russian current

uses high frequency (2500 Hz) current, which is modulated to 70 apps for comfort

-used for strengthening of normal muscle by assisting with the muscle contraction during volitional activities (isometrics and short arc joint movements)


Interferential current (IFC)

characterized by crossing of 2 sinusoidal waves having similar amplitudes, but different carrier frequencies
-the waves interfere with one another to generate an amplitude modulated beat frequency

-used for pain relief
-muscle strengthening


functional electrical stimulation (FES)

can use alternating current (AC 80-100Hz) to stimulate an innervated muscle for general stimulation or DC that is interrupted with a long pulse width for a denervated muscle

AKA neuromuscular estim (NMES)

encompasses a wide range of stimulator units and techniques

-disuse atrophy
-impaired ROM
-muscle spasm
-muscle re-ed
-spasticity mgmt

useful as an alternative or supplement to the use of orthotics


if the skin is sensitive or the patient senses burning you should switch to:

larger electrodes, a reduced intensity or an increased pulse width may be indicated

AC is better tolerated than DC
although research indicates the estim of denervated muscles is not beneficial. use DC is preferred over AC


duty cycle:


min/no atrophy/weakness: 1:1 or 1:2 ratio

mod atrophy: 1:3 or 1:4 ratio

severe atrophy: 1:5 or 1:10 ratio



electronic instrument that monitors the muscle activity of selected muscles and provides physiological info (feedback) to the patient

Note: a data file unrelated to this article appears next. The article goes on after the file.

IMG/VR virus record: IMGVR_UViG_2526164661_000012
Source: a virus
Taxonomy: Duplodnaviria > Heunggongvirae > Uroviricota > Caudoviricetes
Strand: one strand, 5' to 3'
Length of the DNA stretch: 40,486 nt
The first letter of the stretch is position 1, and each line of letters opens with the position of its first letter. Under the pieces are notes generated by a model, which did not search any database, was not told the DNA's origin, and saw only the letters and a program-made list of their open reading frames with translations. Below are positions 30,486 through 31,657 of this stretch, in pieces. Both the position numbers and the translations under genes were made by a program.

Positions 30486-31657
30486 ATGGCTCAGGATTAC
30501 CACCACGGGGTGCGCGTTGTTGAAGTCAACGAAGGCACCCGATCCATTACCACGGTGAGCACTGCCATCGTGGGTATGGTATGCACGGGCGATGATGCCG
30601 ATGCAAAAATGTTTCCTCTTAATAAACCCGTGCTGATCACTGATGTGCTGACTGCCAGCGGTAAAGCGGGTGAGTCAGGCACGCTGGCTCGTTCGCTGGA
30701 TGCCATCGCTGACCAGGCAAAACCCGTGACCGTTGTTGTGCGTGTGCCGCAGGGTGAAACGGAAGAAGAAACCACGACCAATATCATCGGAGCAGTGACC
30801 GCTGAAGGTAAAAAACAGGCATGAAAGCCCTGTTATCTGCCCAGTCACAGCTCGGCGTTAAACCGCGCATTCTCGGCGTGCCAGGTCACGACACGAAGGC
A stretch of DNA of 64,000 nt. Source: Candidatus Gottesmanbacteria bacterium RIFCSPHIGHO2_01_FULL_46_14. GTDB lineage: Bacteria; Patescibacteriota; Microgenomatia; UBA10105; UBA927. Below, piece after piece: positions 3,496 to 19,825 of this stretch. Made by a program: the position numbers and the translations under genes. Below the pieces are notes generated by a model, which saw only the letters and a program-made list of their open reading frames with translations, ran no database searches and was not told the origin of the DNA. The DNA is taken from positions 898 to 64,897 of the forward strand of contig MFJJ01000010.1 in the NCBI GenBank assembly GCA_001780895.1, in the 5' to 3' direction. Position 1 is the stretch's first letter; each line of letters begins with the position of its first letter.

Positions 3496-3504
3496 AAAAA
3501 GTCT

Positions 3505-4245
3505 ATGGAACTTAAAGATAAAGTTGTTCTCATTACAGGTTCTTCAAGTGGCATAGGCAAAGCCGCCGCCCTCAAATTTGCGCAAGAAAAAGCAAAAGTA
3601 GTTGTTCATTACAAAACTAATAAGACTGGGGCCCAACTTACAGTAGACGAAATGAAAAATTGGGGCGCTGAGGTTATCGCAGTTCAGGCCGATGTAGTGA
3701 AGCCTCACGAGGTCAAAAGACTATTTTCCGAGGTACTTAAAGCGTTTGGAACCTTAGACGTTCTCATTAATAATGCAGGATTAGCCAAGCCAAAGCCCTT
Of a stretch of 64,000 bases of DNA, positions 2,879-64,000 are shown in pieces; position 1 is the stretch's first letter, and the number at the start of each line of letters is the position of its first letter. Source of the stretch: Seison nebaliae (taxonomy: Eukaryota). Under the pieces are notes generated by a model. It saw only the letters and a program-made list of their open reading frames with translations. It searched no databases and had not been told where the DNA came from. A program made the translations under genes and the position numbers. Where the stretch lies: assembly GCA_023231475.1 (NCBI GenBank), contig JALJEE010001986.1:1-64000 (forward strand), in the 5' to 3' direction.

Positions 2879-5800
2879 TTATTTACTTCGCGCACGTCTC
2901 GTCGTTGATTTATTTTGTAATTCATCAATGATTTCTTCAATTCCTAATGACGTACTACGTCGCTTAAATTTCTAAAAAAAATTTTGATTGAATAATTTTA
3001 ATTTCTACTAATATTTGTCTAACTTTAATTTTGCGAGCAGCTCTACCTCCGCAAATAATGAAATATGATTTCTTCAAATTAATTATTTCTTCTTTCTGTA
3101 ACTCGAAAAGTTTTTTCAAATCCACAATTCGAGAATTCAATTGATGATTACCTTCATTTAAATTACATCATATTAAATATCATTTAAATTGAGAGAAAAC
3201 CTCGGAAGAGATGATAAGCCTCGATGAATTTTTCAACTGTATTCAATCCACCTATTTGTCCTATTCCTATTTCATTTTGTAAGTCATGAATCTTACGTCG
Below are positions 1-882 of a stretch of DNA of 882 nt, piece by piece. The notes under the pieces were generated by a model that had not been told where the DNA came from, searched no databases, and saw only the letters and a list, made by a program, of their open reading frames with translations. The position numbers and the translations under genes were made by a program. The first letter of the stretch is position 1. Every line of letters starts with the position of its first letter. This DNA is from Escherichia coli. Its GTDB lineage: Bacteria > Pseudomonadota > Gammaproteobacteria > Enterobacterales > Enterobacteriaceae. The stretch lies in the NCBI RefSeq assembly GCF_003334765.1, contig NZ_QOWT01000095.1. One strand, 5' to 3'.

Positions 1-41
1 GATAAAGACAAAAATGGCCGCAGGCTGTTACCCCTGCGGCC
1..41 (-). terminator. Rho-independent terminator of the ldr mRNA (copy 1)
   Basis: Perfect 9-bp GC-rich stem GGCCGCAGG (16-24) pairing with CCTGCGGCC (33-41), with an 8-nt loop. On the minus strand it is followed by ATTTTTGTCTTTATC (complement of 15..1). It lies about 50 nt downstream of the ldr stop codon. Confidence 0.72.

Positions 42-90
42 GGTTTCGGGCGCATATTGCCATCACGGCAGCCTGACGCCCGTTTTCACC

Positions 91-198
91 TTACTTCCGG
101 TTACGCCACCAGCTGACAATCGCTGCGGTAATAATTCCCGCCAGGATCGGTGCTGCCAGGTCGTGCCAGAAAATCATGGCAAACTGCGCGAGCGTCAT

patient tries to manipulate or change the feedback and thus voluntarily controls muscle activity

goals are either enhancement or reduction of the EMG activity

relax training is combined with EMG biofeedback when trying to achieve progressive muscle relaxation

not a form of e-stim



a test of electrical excitability of peripheral nerves


chronaxie value is the minimal amount of time that the current must be on in order to produce a min muscle contraction
-normal chronaxie value



clinical EMG consists of the recording of electrical potentials of muscles

at rest, motor units should be electrically silent

with max contraction, the result should be an interference pattern

various abnormal patterns that indicate a specific problem
-fibrillation potentials seen in denervation


nerve conduction velocity

a test that determines the time it takes for a muscle to respond after the peripheral nerve has been stimulate

can be done over sensory nerves by determining the time it takes for a nerve to respond to a stimulus

UE conduction times can range from 45-70 meters/second

LE average is 50m/sec
UE average is 60 m/sec

NCV is slower in children 70

lower intramuscular temps slow NCV and higher temps increase NCV

test useful in assessing peripheral nerve lesions and neuropathies (CTS)


strength duration curve

a test of excitability in which the intensity required to produce a minimal muscle contraction is plotted against a set of measured durations.

graph results give an index of electrical excitability

steep, continuous curves displaced to the R indicate denervation

discontinuous curves indicate partial denervation